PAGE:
Through the AEgIS

Semiconductor

The delicate, tiny lines on this image could be mistaken for scratches on an everyday surface - a table, a phone screen, a dirty window. They are in fact violent collisions between matter and antimatter, along with tracks of newly created particles, all of which are too small to see with the human eye. The artists call it a "space time-lapse" work, showing an animation created from around 100,000 still images, introducing time, space and rhythm into scientific data.

Gathered from data captured from the AEGIS experiment based at CERN, this work shows the results of a collaboration of physicists from all over Europe, looking to better understand the relationship between antimatter and gravity. Whilst antimatter might sound like science fiction to many, this artwork shows that antimatter is real, in contrast to the elusive dark matter.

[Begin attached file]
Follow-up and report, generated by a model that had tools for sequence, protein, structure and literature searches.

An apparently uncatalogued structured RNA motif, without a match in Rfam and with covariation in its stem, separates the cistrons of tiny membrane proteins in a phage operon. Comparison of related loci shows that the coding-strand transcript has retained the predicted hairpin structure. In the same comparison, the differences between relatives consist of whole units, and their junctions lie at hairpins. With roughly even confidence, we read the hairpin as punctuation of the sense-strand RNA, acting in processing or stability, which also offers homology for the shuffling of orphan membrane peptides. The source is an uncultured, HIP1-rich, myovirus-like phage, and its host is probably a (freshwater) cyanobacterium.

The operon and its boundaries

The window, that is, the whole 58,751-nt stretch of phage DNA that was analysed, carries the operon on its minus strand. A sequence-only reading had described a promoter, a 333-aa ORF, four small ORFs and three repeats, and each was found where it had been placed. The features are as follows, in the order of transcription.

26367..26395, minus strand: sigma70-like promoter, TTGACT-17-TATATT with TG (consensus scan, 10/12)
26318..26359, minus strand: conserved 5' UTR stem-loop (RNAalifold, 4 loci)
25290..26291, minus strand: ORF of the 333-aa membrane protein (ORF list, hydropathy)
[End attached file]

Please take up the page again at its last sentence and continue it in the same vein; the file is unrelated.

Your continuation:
About the contributor(s) 

Semiconductor is UK artist duo Ruth Jarman and Joe Gerhardt. Over the past twenty years of collaboration they have become known for a unique and innovative body of moving image works, sculptures and installations which explore the material nature of our physical world and how we experience it through the lens of science and technology.

Their works often evolve from intensive periods of research into scientific disciplines, this has seen them as artists in residence at internationally renowned science laboratories, including; CERN (2015); Mineral Sciences Laboratory, Smithsonian National Museum of Natural History, Washington D.C (2010) and The NASA Space Sciences Laboratory, UC Berkeley California (2005).

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